Widely considered the last great American art movement of the twentieth century, the Highwaymen — a recognized grouping of 25 African American men and one woman — were true outsider artists who persevered in the face of political and cultural adversity. Widely acknowledged as coming from the Fort Pierce area, the Highwaymen were self-taught landscape artists who sold their work along coastal towns in the A1A/US 1 corridor. A lot of myth and lore goes into the group, but what is certain is that they originated in 1950s Florida, an era marred by civil unrest, violence, and the Jim Crow South. Galleries rejected them, but with their quick style of painting, evocative of the Hudson School and impressionism, the Highwaymen were able to create a combined body of work estimated to include around 200,000 paintings. Time has changed and some artists have passed, but those who remain, now in their late 70s and early 80s, continue to paint. They have become a part of Florida's rich artistic tapestry and continue to be some of the most unadulterated artists of our time. From their humble beginnings working with found objects and materials, often discards from construction sites, the Highwaymen are now internationally recognized and sought after. Landscape painting might not be in vogue per se, but it is incredibly easy to lose oneself in the poesy of their work. Founding member Roy McLendon Jr., Isaac Knight, and A.J. Brown will be on hand for a lecture as part of the African Diaspora Exhibition from 10 a.m. to 4 p.m. on Saturday, October 2, at the Center for Creative Education, 425 24 St., West Palm Beach. Tickets cost $10. Call 561-805-9927 or visit cceflorida.org.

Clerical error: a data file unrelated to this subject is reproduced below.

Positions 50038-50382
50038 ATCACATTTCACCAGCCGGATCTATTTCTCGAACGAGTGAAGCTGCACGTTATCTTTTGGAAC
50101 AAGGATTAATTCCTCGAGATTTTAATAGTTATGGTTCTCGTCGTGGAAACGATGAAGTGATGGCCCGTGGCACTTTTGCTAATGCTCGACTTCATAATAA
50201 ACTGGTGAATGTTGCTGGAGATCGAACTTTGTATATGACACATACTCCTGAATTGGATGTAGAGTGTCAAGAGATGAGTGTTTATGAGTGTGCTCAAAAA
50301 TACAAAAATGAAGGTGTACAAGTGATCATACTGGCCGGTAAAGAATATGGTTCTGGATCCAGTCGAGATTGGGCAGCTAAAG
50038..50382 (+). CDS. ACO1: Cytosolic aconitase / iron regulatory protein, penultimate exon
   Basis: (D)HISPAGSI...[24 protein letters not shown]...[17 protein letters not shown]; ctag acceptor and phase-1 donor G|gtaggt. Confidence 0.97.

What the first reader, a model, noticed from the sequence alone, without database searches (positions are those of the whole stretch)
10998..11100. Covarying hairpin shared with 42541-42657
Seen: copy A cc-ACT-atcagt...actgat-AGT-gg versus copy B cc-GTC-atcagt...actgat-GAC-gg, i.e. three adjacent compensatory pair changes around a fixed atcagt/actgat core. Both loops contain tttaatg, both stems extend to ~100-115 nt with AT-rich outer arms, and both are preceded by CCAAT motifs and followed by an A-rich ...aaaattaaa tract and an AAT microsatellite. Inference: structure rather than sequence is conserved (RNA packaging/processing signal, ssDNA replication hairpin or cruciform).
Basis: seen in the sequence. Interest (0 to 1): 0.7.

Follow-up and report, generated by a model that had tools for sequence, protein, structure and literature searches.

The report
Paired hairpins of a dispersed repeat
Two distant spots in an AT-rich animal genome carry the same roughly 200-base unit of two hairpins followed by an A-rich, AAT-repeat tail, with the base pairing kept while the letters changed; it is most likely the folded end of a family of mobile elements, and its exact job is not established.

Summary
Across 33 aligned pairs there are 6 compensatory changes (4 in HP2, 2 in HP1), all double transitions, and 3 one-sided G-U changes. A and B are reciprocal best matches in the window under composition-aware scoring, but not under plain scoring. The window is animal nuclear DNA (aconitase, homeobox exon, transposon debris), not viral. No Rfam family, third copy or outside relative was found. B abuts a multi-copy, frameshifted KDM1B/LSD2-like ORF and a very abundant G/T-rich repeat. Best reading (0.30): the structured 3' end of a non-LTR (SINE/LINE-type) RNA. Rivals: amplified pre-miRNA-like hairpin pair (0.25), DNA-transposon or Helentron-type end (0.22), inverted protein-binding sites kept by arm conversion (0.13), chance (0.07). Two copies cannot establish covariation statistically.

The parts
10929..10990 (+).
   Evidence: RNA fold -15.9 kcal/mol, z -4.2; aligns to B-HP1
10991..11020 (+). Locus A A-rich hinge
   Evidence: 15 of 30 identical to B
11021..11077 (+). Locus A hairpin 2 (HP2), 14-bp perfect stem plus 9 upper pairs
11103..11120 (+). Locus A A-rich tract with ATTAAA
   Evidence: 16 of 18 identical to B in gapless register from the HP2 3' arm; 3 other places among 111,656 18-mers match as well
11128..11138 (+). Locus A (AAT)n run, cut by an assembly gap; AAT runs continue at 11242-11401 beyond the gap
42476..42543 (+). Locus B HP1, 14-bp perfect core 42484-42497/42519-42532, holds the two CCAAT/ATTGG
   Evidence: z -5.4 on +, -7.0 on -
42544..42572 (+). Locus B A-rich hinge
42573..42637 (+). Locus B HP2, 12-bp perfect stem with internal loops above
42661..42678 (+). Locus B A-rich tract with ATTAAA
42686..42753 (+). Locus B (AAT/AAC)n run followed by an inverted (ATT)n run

Everything that’s old is new again. Culture, music, and, apparently, politics and societal issues are cyclical in America. The rap-rock supergroup Prophets of Rage comes at a pivotal time in the U.S.’s history. The First Amendment, black folks, and our national sanity are all in danger of dying, literally and figuratively. With fists raised and middle fingers waving in the changing winds, Chuck D of Public Enemy, B-Real of Cypress Hill, and the remaining members of Rage Against the Machine banded together to become the very loud mouthpiece of some very underrepresented groups: the middle class, minorities, and essentially anyone making well under six figures. Prophets of Rage are currently on an extensive tour that’s more of a traveling political rally than a series of concerts. They’ve already played free shows at prisons, neighborhoods blighted by homelessness, and this past summer, at the RNC in Cleveland. They’re bringing their "Make America Rage Again Tour" to South Florida Sunday. Their setlist combines songs from the original groups and new songs such as the eponymous “Prophets of Rage,” which calls — yells — for changes in our various broken governments. Come rage like you’re fighting against the War on Drugs in the '80s or race riots in the '90s or 12-year-olds being murdered by cops as they play in public parks. The show starts at 7 p.m. at Perfect Vodka Amphitheatre, 601-7 Sansburys Way, West Palm Beach. Call 561-795-8883 for more information. Tickets cost $13 - $399 via livenation.com.
Correction: An earlier version of this article referred to Bill Bellamy as Roy Bellamy. We regret the error.